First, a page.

Paul Thompson's Research Publications

Mathematical/Computational Challenges in Population-Based Brain Mapping

Invited Talk,
Annual Conference of the Society for Industrial and Applied Mathematics:
1st SIAM Conference on the Life Sciences, Boston, Sept. 22-26 2001;
Minisymposium: Mapping the Human Brain, organized by Monica Hurdal, Florida State University
Speakers: Bruce Fischl, MGH; Paul Thompson, UCLA School of Medicine; Eric Schwartz, Boston University; and Monica Hurdal, Florida State University

Paul Thompson

Laboratory of Neuro Imaging, Dept. Neurology, Division of Brain Mapping,
UCLA School of Medicine, Los Angeles CA 90095, USA


We describe some exciting mathematical advances in our work as part of a collective effort to create a population-based atlas of the human brain, based on a database of over 1000 3-dimensional brain images. One goal of the atlas is to resolve disease-specific patterns of brain structure and function in several patient populations. We are also investigating how these patterns vary by age, gender, genotype, over time, and in response to therapy. Nonetheless, brain structure is so complex and variable across subjects that it is extremely challenging to (1) automatically identify structures in brain images; (2) detect abnormal brain structure; (3) relate abnormalities to genetic risk or demographic factors; and (4) compare the dynamics of 4-dimensional growth or degenerative processes in the human brain. Probabilistic brain atlases address these challenges by encoding dynamic variations in brain structure and function. We describe our development of atlases that synthesize data across age, gender, time, and multiple brain imaging modalities, to represent normal populations and diseased subpopulations with Alzheimer's Disease and schizophrenia. To identify disease-specific patterns of brain structure and function, we combine mathematical approaches from Riemannian geometry, the theory of Gaussian random fields, variational calculus, and covariant partial differential equations, with supercomputing algorithms for image warping and analysis. These approaches are beginning to uncover intriguing waves of brain growth in childhood, patterns of genetic influences on brain structure and function, and new aspects of how diseases evolve dynamically in the brain. Current challenges will be described that will be of interest to applied mathematicians and statisticians in general, as well as researchers in image analysis and biomedical fields.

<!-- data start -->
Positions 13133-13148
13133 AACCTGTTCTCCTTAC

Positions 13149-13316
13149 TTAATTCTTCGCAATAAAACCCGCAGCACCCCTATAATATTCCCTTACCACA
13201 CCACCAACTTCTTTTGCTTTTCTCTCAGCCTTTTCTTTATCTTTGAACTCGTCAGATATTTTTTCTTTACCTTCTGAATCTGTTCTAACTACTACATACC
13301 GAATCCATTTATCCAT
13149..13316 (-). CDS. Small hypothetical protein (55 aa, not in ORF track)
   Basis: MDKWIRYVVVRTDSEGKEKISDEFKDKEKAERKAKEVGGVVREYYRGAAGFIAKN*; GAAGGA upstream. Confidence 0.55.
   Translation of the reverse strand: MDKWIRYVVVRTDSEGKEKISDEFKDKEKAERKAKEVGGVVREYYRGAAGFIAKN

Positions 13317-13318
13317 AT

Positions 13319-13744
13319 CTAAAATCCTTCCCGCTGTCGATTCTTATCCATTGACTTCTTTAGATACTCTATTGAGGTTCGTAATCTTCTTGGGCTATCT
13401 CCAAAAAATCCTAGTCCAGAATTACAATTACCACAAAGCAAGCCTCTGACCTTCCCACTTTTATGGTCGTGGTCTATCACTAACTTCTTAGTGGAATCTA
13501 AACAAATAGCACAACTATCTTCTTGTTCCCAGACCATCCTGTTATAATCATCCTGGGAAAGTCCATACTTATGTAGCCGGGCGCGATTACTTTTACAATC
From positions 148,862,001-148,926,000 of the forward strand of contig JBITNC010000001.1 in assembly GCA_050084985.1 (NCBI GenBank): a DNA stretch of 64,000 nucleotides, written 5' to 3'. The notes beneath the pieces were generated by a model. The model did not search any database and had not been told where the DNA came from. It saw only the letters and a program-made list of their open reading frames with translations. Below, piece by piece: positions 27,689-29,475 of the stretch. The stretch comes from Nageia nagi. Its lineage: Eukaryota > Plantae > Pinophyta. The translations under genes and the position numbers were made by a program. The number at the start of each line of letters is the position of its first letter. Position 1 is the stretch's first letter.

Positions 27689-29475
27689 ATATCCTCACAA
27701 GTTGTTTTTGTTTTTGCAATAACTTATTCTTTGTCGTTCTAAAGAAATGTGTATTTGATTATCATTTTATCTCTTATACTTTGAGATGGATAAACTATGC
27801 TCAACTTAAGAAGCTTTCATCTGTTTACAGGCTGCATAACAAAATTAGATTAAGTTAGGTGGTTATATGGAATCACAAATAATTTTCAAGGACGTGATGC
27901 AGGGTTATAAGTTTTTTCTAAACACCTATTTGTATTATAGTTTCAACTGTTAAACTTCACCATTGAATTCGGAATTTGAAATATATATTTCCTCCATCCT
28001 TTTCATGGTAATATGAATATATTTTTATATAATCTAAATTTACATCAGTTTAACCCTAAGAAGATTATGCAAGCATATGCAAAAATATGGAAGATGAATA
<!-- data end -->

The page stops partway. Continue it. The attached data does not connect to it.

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    Contact Information

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    Paul Thompson, Ph.D.
    Assistant Professor of Neurology
    4238 Reed Neurology
    UCLA School of Medicine
    Westwood, Los Angeles CA 90095-1769, USA.

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  • Tel: (310)206-2101
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